Fennel Seeds, Lavender (flowers), Lemongrass, Nettle, Peppermint and/or Spearmint, Red Clover,
When ready to make your tea use two teaspoons of the mixture per person if making a pot of tea or put two teaspoons into a tea ball infuser and place in a mug.
Pour over boiling water and leave to infuse for ten minutes or so before serving. Pour the tea through a tea strainer if you have made the tea in a teapot or simply lift out the tea ball from your cup or mug.
This tea is best drunk without milk or cream but can be sweetened if necessary with a little stevia or honey. It can be enjoyed hot or cold and will keep fresh for up to 24 hours in the refrigerator.
Allergic To Herbal Tea?
Whilst the teas mentioned above are safe and effective, as with all things, there is always going to be someone who has an adverse reaction to some herbal teas.
One of the chief culprits is Chamomile tea and if you suffer from hay fever, although this tea is usually a very calming and soothing one, it might be one to avoid as it is a close relative of ragweed, the pollen of which is responsible for causing hay fever in many individuals.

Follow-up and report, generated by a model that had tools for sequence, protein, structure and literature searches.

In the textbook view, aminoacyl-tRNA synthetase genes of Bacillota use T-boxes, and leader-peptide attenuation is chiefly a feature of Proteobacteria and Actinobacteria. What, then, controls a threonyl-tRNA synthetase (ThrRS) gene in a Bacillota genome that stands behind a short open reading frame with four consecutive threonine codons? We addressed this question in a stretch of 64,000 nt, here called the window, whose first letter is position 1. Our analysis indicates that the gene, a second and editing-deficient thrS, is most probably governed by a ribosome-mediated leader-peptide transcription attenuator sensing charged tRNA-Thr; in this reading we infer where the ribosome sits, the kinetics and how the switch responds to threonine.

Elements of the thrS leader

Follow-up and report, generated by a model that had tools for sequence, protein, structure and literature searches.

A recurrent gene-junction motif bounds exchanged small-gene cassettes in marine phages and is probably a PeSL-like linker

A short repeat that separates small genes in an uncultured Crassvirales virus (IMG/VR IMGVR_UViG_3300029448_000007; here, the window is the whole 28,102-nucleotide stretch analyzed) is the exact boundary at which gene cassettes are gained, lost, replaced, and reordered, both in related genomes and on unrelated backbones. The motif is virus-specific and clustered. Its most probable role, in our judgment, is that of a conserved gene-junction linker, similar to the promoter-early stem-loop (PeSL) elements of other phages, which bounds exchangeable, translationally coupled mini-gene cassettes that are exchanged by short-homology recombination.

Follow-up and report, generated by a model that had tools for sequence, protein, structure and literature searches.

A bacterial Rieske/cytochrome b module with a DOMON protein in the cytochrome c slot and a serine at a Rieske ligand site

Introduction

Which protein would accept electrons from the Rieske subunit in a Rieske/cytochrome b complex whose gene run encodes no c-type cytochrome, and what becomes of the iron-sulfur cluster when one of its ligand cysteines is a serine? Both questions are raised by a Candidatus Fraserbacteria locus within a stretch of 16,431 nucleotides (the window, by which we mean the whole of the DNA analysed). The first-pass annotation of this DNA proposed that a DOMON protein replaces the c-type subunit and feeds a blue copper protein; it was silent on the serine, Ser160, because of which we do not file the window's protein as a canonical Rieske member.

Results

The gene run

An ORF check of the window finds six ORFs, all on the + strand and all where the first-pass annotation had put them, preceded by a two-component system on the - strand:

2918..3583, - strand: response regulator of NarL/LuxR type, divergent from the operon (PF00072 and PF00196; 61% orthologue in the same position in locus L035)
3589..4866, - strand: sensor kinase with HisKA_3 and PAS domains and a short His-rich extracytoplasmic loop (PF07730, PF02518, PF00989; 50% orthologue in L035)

Buying ready-made herbal teas, either loose or as tea bags will be helpful as the ingredients list will give you a warning of any likely allergic reactions and any contraindications such as medication interactions, etc.
What Do You Think
Do You Suffer From Allergies - if so, which answer would you pick below?
Many people take herbal tea all year long rather than waiting for the symptoms to strike, either with the start of allergy season or exposure to allergens such as pet hair or dander.
Using these teas as a preventative can have other health benefits as well because of the vitamins, trace elements and antioxidants they contain.
Useful Resources and Links
I own the following book. It is packed with a wealth of information:
- Zak Victoria. (1999). 20,000 Secrets of Tea: The Most Effective ways to Benefit from Nature's Healing Herbs. New York: A Dell Book.
This website is full of useful information and recipes:
- Williams, J. Living Herbal Tea. (n.d.). Living Herbal Tea. Accessed May 11, 2017.
These articles are helpful resources:
- Edgar, J. Types of Teas and Their Health Benefits. (n.d.). WebMD. Accessed May 11, 2017
- Brown, A. 8 Herbal Teas You Can Grow in Your Garden. (n.d.). Readers Digest Best Health. Accessed May 11, 2017.
Author's note: In the citations above, (n.d.) indicates that there was no publication date on the article.
© 2014 Alison Graham